NHD-2.4-240320CF-CTXI LCD module wiring diagramNo VSYNC

But we wouldn’t have been able to make full use of an off screen buffer anyway. We need to send buffer data to screen at the right time. If we send while the screen is in the midst of drawing, there will be a visible tear as the old content is partially mixed with the new. The typical way to avoid this is to listen to a vertical synchronization signal (VSYNC) to know when to perform the update. And while the ST7789 controller on board the LCD module has provision to signal VSYNC, the LCD module does not expose VSYNC information. There may be some other way to avoid visual tearing, but it ain’t VSYNC.

These limitations, which are relatively typical of embedded electronics projects, are part of the fun of writing software for this class of hardware. Sure, it is a limitation, but it is also a challenge to be overcome, a puzzle to solve, and a change of pace from the luxury of desktop computers where such limitations are absent.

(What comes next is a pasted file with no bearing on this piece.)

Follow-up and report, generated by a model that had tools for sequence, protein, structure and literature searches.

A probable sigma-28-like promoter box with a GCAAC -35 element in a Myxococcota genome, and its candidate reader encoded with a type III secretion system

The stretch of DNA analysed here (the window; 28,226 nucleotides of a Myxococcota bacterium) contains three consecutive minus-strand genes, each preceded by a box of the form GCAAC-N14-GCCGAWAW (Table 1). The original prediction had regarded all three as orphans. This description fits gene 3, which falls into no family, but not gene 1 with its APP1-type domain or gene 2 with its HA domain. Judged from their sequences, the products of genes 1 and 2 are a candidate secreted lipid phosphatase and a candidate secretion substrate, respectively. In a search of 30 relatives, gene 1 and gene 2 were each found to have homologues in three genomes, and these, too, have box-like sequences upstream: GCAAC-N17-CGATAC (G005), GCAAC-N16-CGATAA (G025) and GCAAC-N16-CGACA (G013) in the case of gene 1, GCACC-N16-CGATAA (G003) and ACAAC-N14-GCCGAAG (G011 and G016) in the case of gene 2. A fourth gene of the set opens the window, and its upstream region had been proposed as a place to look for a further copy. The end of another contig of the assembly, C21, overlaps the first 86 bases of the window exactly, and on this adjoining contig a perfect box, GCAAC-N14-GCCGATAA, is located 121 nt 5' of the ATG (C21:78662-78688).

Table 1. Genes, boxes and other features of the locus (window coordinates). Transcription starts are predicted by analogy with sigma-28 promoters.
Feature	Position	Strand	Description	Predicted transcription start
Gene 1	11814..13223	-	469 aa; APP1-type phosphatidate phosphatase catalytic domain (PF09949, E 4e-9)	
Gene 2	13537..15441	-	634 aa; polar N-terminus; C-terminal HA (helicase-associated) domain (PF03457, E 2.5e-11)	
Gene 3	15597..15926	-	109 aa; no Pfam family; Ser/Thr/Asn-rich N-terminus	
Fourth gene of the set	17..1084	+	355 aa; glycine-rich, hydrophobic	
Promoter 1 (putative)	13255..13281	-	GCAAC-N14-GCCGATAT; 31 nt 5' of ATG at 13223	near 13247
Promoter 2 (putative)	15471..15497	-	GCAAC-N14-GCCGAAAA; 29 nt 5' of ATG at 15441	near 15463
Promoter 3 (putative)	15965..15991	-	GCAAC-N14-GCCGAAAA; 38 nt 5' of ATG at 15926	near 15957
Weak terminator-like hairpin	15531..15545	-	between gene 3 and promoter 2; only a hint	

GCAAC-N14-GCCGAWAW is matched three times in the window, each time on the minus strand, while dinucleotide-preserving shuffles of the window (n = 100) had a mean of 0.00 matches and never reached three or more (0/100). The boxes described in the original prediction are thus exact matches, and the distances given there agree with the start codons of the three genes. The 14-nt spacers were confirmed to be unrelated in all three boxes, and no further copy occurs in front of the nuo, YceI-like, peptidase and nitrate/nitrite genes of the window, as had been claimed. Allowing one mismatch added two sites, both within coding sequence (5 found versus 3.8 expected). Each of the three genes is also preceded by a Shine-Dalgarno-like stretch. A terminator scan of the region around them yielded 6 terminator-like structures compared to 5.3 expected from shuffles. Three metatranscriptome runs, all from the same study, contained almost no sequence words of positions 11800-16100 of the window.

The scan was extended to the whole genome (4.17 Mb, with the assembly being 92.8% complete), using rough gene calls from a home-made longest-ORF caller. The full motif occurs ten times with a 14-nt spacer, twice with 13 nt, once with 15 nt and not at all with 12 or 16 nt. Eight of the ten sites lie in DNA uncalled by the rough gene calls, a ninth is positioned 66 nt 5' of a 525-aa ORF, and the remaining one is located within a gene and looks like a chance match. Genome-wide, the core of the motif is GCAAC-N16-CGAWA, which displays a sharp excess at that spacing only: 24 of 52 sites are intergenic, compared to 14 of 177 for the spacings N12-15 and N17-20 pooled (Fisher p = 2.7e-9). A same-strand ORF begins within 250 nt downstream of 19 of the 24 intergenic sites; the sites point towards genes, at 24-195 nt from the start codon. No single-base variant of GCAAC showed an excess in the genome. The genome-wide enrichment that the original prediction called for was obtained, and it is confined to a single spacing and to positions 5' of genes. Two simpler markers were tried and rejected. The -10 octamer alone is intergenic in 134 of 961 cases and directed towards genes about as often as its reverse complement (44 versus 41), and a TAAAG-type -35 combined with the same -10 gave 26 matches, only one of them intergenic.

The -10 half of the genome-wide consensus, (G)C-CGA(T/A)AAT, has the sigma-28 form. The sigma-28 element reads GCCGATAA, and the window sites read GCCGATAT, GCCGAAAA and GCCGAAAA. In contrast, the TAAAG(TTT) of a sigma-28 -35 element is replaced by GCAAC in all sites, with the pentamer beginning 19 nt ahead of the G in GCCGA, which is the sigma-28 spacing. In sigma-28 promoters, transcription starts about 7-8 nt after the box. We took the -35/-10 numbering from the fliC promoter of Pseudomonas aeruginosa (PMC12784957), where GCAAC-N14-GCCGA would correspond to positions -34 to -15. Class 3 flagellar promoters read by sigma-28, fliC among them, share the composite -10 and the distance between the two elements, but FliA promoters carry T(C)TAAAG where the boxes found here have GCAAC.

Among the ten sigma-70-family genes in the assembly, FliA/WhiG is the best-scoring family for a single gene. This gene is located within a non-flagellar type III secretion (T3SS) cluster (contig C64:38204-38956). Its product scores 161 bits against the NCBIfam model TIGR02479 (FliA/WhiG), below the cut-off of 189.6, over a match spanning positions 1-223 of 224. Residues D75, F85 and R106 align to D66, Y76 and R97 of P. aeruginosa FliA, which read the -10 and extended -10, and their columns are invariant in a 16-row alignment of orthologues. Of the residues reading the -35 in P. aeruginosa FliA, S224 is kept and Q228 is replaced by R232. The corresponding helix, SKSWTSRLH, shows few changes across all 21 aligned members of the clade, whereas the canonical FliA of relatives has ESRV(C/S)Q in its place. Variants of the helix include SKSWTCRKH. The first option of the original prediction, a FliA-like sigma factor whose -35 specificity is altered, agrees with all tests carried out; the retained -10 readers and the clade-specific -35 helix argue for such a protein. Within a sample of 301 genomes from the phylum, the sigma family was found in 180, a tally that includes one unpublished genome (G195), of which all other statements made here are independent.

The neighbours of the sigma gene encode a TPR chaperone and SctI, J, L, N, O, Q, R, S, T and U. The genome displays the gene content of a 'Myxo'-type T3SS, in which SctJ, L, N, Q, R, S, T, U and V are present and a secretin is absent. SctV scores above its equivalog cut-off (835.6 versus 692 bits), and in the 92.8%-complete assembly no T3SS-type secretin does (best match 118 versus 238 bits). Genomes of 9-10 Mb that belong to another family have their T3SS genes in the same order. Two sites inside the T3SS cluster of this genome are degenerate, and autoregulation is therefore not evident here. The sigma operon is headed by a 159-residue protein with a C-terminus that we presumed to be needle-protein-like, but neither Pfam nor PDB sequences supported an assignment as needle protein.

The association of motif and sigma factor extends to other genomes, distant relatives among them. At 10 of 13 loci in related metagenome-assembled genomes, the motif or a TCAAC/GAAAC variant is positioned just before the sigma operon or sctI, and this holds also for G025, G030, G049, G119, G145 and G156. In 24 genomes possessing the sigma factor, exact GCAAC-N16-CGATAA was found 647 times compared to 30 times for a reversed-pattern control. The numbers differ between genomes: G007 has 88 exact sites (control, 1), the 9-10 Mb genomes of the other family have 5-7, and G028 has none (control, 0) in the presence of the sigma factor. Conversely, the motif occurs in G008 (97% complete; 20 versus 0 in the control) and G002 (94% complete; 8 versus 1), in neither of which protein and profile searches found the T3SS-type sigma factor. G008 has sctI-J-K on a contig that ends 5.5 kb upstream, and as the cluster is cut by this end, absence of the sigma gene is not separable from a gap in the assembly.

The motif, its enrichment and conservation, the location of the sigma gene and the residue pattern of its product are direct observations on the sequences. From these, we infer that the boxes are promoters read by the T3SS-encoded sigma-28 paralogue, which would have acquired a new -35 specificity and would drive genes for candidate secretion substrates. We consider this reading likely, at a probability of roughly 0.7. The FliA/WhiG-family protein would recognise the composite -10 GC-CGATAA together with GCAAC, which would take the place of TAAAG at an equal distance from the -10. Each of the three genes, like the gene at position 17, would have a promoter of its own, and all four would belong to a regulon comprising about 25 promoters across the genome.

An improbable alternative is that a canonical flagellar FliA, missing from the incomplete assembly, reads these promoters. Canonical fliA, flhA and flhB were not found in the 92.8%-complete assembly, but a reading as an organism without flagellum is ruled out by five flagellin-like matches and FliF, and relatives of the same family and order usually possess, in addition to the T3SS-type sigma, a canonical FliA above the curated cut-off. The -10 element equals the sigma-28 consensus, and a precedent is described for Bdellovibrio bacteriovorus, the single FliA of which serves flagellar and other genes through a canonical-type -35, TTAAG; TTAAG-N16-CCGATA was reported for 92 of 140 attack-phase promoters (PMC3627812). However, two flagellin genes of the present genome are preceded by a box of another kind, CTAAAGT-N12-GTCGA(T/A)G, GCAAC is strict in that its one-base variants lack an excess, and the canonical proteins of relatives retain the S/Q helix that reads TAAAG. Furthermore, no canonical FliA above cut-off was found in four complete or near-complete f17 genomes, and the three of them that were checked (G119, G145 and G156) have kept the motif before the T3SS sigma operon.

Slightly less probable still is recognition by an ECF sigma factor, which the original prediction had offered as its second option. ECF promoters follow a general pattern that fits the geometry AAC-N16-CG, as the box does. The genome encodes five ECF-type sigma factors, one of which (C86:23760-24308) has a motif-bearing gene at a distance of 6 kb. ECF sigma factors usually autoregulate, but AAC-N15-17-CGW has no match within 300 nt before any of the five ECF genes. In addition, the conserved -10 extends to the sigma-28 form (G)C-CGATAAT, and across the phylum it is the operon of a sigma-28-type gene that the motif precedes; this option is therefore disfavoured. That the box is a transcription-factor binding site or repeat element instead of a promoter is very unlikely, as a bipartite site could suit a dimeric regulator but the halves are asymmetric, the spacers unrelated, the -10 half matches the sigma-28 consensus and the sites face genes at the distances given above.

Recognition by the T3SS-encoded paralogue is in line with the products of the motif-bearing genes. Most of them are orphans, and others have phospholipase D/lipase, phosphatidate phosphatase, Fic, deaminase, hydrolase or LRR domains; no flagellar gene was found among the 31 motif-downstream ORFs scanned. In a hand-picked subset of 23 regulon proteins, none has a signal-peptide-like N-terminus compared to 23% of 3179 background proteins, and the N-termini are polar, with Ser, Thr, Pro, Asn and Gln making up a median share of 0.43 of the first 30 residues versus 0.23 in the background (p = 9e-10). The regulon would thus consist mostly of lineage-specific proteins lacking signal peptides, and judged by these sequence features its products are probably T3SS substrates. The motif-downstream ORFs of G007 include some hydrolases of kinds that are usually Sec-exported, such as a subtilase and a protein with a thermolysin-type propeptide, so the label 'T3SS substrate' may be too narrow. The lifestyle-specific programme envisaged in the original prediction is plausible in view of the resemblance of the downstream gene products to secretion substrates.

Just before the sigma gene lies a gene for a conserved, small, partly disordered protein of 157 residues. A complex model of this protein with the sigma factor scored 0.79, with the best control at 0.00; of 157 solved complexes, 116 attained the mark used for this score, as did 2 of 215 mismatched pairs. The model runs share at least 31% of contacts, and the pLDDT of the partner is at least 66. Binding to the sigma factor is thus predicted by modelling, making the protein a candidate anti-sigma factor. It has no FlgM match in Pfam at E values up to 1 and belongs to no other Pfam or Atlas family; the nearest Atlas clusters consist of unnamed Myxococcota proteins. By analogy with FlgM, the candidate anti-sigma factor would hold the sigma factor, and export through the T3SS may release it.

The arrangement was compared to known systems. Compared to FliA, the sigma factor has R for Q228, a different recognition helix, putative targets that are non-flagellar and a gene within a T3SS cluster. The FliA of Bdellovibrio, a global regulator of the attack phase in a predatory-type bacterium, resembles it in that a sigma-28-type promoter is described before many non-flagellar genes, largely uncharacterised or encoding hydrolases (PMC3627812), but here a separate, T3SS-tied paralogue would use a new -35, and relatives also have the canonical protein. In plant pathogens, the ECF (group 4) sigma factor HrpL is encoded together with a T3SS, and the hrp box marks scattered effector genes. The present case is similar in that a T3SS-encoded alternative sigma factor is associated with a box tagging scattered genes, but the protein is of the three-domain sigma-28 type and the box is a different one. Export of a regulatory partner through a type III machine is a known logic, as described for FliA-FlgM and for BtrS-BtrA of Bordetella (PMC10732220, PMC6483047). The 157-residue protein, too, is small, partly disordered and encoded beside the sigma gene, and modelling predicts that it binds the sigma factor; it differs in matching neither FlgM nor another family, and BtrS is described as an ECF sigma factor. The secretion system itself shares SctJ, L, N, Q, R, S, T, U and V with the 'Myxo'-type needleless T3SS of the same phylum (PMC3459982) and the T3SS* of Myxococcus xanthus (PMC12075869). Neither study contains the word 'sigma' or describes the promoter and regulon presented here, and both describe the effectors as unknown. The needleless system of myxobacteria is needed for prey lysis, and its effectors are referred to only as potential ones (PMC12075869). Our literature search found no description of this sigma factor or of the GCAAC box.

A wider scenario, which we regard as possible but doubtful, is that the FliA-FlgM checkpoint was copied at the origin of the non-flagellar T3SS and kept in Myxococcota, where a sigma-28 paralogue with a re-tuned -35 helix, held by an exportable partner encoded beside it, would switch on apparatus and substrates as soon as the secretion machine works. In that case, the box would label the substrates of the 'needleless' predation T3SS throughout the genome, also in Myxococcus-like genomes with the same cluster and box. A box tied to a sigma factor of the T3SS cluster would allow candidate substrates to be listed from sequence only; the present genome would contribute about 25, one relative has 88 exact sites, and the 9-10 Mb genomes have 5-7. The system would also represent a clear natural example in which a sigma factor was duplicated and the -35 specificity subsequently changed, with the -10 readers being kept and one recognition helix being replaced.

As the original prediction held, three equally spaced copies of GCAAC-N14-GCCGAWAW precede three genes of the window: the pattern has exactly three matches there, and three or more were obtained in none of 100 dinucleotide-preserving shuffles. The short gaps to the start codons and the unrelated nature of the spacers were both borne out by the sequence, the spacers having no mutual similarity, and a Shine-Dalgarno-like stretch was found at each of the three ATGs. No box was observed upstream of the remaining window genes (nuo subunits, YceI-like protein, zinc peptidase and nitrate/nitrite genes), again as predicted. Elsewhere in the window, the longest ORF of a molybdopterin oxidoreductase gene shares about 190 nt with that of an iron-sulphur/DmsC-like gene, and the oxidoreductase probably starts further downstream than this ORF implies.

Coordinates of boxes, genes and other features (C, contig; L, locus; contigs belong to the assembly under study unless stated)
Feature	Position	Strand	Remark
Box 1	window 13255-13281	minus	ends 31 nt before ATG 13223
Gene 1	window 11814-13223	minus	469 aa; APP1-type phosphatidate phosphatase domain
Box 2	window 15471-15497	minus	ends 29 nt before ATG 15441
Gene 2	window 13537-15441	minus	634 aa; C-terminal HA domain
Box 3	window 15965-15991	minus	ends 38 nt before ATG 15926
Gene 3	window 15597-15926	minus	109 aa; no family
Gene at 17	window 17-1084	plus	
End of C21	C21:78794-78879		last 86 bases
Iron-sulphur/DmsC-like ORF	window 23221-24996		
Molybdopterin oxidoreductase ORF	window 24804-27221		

Animated GIF For When A Screenshot Is Not Enough

Trying to write up yesterday’s blog post posed a challenge. I typically write up a blog post with one or more images to illustrate the topic of the day. Two days ago I talked about lining up Phoebe’s orientation before and after a turn. For that topic, a screenshot was appropriate illustration. But yesterday’s topic is about Phoebe’s RViz plot of LIDAR data moving strangely. How do I convey “moving strangely” in a picture?

After thinking over the problem for a while, I decided that I can’t do it with a static image. What I need is a short video. This has happened before on this blog, but doing a full YouTube video clip seems excessive for this particular application. I only need a few frames. An animated GIF seems like just the thing.